carly simon

If you’ve paid attention to the radio anytime after 1972, it’s hard to avoid Carly Simon’s megahit “You’re So Vain.”

The song dresses down a former lover for his egocentricity, always checking himself in the mirror and soaking up the admiration of naive young women.

Simon reportedly wrote the song about three men, naming only one, Warren Beatty. The chorus is what hooks the listener, an earworm still recognized by tens of millions of Baby Boomers:

You’re so vain/You probably think this song is about you/You’re so vain, you’re so vain/I’ll bet you think this song is about you/Don’t you?/Don’t you?

Fun fact: Listen carefully and you’ll hear an uncredited Mick Jagger singing backup on the chorus. Once you hear it, you will never unhear it.

Like many of my fellow boomers, I love music and music history. The song got me thinking about investing, namely, the trap many of us fall into when trying to pick investments.

That trap is our own ego, the undeniable urge to measure our investment success against a competitor.

You know how this goes. Every few months or so, you check in on your portfolio and look at the return year-to-date.

Maybe your investment advisor provides a handy table comparing your personal return to a benchmark, say the S&P 500.

If you have a typical risk-adjusted retirement portfolio, you likely own a mixture of stocks and bonds. Very few investors can handle a 100% stock-only portfolio.

That’s because the emotional ride is too tough for most. A prudent advisor will counsel the investor to instead buy a mix of investments and to smooth the ride by rebalancing.

Because your portfolio is probably not all stocks, your personal return will trail the all-stock index most years, quite naturally. That can make you feel bad in a rising market.

Once stocks falter — and they will — the bond portion acts as a cushion. Your investments decline in face value, sure, but your retirement plan isn’t necessarily derailed.

Importantly, those intermittent periods of lower stock values are your opportunity to steadily invest at lower prices. Rebalancing, for instance, is selling off stocks as they rise and buying bonds.

When things turn the other way, you’ll be selling bonds to buy suddenly cheaper stocks.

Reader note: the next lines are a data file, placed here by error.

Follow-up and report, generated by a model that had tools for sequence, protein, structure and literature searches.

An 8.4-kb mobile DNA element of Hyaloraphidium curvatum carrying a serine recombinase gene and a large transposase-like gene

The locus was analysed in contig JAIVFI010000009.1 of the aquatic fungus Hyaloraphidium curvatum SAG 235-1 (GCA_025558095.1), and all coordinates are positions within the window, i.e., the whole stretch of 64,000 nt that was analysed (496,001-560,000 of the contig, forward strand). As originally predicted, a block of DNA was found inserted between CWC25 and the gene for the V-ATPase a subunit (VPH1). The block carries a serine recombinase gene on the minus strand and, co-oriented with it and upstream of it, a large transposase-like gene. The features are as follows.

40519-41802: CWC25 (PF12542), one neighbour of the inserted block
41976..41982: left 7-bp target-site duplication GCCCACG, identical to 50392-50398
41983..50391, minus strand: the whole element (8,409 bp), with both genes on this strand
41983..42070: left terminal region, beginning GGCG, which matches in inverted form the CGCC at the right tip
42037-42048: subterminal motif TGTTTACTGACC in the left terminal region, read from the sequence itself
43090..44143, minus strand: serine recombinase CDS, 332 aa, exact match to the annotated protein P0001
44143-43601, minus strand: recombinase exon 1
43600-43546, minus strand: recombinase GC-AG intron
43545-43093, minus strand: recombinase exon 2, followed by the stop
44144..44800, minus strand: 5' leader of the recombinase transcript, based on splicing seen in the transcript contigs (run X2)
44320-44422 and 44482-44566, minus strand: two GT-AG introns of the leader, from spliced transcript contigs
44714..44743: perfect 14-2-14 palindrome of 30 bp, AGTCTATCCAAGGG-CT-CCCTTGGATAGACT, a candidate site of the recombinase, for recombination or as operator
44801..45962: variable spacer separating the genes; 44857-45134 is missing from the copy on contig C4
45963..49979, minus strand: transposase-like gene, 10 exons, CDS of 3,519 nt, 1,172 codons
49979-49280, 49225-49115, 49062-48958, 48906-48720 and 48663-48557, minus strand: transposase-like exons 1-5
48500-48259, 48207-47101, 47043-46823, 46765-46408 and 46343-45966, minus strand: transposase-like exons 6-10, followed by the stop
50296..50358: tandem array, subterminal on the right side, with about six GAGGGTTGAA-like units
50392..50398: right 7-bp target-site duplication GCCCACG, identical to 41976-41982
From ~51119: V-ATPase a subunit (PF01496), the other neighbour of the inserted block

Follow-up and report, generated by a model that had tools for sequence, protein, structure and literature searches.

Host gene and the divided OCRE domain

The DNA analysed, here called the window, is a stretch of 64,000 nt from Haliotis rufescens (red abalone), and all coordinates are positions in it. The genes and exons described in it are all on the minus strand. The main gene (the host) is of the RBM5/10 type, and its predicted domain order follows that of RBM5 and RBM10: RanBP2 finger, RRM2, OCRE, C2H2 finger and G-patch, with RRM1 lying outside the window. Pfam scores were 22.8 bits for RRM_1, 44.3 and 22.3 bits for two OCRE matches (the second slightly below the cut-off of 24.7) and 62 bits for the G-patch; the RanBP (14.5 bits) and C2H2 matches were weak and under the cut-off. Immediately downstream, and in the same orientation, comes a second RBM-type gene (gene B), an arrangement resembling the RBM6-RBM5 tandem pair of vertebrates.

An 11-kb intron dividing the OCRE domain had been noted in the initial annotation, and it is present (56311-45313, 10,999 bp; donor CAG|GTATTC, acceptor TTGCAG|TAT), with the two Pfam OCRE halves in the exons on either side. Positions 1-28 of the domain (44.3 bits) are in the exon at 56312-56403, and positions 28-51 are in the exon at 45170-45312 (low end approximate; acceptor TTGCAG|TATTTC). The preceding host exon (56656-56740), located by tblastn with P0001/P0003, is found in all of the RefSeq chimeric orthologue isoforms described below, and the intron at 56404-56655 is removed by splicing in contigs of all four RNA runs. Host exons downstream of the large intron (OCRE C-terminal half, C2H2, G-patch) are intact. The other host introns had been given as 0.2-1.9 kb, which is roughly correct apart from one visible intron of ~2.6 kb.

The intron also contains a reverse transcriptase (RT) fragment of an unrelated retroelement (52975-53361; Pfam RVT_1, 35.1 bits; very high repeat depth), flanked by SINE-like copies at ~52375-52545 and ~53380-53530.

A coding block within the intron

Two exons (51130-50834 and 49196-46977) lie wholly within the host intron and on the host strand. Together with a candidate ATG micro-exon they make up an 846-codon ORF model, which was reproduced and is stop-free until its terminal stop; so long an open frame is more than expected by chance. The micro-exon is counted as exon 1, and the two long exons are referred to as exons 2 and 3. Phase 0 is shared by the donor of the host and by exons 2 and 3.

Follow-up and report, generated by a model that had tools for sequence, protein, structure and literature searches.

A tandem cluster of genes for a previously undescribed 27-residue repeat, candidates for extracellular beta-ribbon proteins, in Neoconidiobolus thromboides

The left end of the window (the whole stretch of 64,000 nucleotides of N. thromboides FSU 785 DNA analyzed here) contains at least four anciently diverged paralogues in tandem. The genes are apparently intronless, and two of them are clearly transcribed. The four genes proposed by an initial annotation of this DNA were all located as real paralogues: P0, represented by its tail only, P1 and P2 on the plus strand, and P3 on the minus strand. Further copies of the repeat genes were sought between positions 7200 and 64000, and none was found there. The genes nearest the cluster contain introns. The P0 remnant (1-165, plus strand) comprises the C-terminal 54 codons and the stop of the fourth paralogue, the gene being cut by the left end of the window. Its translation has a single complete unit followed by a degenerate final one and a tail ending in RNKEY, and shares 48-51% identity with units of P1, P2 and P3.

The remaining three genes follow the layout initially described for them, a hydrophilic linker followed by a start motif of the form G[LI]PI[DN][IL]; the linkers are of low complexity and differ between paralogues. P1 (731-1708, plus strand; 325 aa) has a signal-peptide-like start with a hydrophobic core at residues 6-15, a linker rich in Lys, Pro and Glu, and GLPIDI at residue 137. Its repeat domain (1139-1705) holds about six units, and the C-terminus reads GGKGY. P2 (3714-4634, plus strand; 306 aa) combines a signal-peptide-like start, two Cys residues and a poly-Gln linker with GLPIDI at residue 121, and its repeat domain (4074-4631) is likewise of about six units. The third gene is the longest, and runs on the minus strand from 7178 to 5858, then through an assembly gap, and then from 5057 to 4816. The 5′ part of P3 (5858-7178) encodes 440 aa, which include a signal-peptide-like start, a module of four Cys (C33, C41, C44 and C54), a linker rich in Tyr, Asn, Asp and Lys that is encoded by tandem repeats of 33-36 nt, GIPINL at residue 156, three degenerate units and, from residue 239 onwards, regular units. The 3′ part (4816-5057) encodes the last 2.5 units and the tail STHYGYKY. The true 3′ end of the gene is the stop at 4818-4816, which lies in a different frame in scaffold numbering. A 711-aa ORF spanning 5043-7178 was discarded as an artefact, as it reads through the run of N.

It’s a proven model that adds return while reducing volatility. It has long been used by foundations and pension funds worldwide and we use it at my firm, Rebalance.

So what’s the problem? Vanity. We fall into the trap of thinking about our investments in purely personal terms.

Tune out the braggarts

Maybe your brother or sister comes home for the holidays and brags about their latest amazing stock pick. It’s up tenfold in six months!

Or perhaps you watch financial news on cable TV, salivating when you hear some options dude yammering about his killer year. Double-digit gains in a week!

You then look at your retirement portfolio that’s chugging along at 7% or 8% and sigh. If they can do it, why can’t I do it, too?

You can’t because nobody can. Your sibling is cherry-picking the big winner in his or her portfolio. Left unsaid is how many other stocks picked a year ago are still deep underwater.

Meanwhile, the options guy is not playing with his retirement money, I guarantee you. Nobody in their right mind bets the farm on anything as risky as options. And he’s cherry-picking, too.

But we’re so vain, we think investing is about us. Our personal intelligence, our skill, our worth. Nothing could be farther from the truth.

Institutional investors know well that outsized gains are typically followed by years of low performance or outright losses. Concentrated bets have a way of going south. Emotions can drive you into the ditch.

Once you’re down by enough there is no recovery, no magical investment that can recoup a horrible call made due to vanity over common sense.

To paraphrase Simon, investments like that turn out to be clouds in your coffee, nothing more.

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